Tuesday, April 22, 2008

A new and interesting blog

This year, Eat Well is celebrating Earth Day with the launch of our newest venture, the Green Fork Blog. The Green Fork is the official blog of the Eat Well Guide, your resource for finding thousands of farms, grocery stores, restaurants and other "green" food outlets throughout the US and Canada. Their new and expanded listings now include produce farms, farmers markets and vegan restaurants, as well as water-conscious ratings that let you know which of your local restaurants are helping to "take back the tap". If it's been awhile, come back for a visit, and see what's new. The Eat Well team is currently at work on new cutting edge features that will make it easier than ever to eat greener, including an interactive mapping and travel feature due later this summer.

On the menu at the Green Fork Blog:

food and farming news
farm tours and seasonal food information
interviews with food activists and leaders of the sustainable food movement
book reviews
food for thought

They started off Earth Day with a list of 20 ways to green your fork--click here to check it out and learn delicious ways to tread lightly while eating well! As Earth Day reminds us, one of the most vital things people can do for the environment is to change what they eat--to more locally-grown, sustainably-produced food.

Wednesday, April 16, 2008

Shopping for that unique something

While most of us are fond of simple, wholesome, familiar, comfort foods, there times when we crave something different. From the closed poll it seems I am like most people who seek out those unique ingredients at Ethnic Grocery stores. I’m most familiar with the Asian grocery stores as I’ve shopped them over the past 10 years mostly for a restaurant's pantry. It wasn’t too many years ago that not a single major purveyor could consistently deliver wonton wrappers, or wasabi powder, or nori sheets, so we had to go out and get them ourselves.

I have had many plesent shopping experiences at the Asian Grocery, on top of the unique stock, the communication barrier is strong, challenging, yet trivial in most instances. Almost 100% of the stock is completely foreign, for instance what do you use a 3 foot dehydrated octopus for? Yet there are a lot of heat and serve fast food dishes that are very accessible. Noodles, rice, and soy are the staples. The live frogs, turtles, crabs, lobsters, catfish, and tilapia are all fun to look at, more in a zoo type of way than a food type of way. My favorite is the section of the cooler stocked with hundreds of unique soft drinks, juices, and canned coffee. I almost always pick one to go.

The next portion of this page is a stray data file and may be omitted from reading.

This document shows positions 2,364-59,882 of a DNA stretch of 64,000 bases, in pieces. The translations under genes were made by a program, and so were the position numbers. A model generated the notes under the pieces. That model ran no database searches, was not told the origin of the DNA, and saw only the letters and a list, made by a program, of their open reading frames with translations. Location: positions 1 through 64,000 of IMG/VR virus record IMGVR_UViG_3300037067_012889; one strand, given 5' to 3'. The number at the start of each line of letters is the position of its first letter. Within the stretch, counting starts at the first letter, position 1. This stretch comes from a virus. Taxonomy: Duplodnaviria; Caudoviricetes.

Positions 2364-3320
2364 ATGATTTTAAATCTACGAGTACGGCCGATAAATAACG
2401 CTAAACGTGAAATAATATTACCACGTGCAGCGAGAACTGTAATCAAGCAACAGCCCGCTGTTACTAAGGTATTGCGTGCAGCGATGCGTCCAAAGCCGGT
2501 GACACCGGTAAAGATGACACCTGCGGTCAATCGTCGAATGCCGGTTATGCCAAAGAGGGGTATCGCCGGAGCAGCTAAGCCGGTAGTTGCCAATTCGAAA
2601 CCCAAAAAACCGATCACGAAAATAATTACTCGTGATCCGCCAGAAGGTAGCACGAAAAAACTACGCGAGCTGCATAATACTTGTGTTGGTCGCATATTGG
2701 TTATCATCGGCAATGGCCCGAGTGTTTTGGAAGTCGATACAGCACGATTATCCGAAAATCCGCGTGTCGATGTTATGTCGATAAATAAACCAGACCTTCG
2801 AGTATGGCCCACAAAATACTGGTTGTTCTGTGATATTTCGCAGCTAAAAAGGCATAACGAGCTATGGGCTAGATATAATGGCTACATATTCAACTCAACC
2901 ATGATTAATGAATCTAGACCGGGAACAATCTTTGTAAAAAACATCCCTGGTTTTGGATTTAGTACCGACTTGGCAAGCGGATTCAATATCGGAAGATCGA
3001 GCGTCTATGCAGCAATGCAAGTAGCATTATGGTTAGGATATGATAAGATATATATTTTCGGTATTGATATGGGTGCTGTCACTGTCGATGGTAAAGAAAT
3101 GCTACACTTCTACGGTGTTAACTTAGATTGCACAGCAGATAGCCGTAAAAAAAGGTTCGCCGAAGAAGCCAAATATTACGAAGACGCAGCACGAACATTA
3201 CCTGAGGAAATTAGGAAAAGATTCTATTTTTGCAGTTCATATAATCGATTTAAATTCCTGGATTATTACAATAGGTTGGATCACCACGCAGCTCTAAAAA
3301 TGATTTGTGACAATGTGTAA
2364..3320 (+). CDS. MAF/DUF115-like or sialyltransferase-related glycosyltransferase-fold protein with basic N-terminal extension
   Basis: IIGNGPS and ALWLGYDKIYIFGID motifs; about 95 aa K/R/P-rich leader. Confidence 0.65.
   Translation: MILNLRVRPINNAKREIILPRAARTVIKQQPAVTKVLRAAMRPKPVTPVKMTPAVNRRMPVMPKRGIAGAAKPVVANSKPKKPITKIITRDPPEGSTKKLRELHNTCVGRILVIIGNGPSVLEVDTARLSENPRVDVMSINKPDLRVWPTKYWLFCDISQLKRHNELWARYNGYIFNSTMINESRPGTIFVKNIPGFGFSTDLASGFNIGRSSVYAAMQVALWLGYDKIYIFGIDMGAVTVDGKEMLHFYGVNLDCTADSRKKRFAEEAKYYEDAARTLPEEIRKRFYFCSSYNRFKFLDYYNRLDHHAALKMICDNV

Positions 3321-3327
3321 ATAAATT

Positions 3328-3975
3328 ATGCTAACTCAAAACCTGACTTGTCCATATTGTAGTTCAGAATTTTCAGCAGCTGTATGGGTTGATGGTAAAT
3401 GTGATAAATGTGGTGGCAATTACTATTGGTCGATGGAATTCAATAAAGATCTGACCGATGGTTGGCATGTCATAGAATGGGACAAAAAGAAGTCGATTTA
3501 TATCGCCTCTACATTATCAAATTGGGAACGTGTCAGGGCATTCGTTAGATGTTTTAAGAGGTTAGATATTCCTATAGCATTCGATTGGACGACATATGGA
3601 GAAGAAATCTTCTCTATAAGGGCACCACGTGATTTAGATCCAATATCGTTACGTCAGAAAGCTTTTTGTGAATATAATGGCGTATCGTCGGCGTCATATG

If by chance you are not shopping for edibles, there are plenty of items at the Asian Grocery for you. Hello Kitty, that’s all I have to say. Honk Kong Supermarket has a huge selection of restaurant quality small wares. There are woks, chopsticks, tea pots, and serving bowls everywhere, all priced very reasonably. My favorite three Asian Grocery stores are listed below.
I’m quite unfamiliar with any other good ethnic groceries around town, so please let me know where I can find something new.

Asia Food
3126 St. Clair Ave.

Hong Kong Supermarket
3038 Payne Ave.

Tink Hall - Asian Grocery
E. 36th between Payne and Perkins

Monday, April 14, 2008

MMMMM Bacon!

I was lucky enough to be stumbled upon by a fellow bloger, Sheena Simpson who is a contributor to a very interesting blog about the culinary scene in and around Atlanta. Sheena was nice enough to forward me a sample of an interesting product, Bacon Salt. The product is in fact fat free, vegetarian, and kosher, three things no one was previously foolish enough to associate with anything bacon-y. On top of that, the main detractor of most seasoning salts is there insanely over the top saltiness which is pleasantly absent in Bacon Salt.

I’ve been using the Hickory Smoked Bacon Salt with great satisfaction. It brings both smoke and bacon to the game, which is very nice. The flavor of bacon is mysteriously there, but also up front and in your face. I’ve added it to steamed vegetables, a very light dusting as to just hint at slathering the otherwise healthy vegetables with bacon fat. Bacon Salt also made it into a batch of potato croquettes that I seasoned more aggressively, and was able to keep a smooth, light potato texture with full bacon flavor. We put some on popcorn, that was very interesting. I think of popcorn as light and fluffy, but the Bacon Salt comes through so clear as to fill you up.

If you like bacon, you will like bacon salt. You can find it at their website for sure. I’m impatiently waiting to sprinkle some on fried eggs, fresh tomatoes, and french fries.

Wednesday, April 02, 2008

In the news again

With only one shift so far under my belt the Cleveland Free Times had a short news bit to mention my current move. I hope there are some more posative things to be discussed in the furture. Than again, I'm always to see my name in there!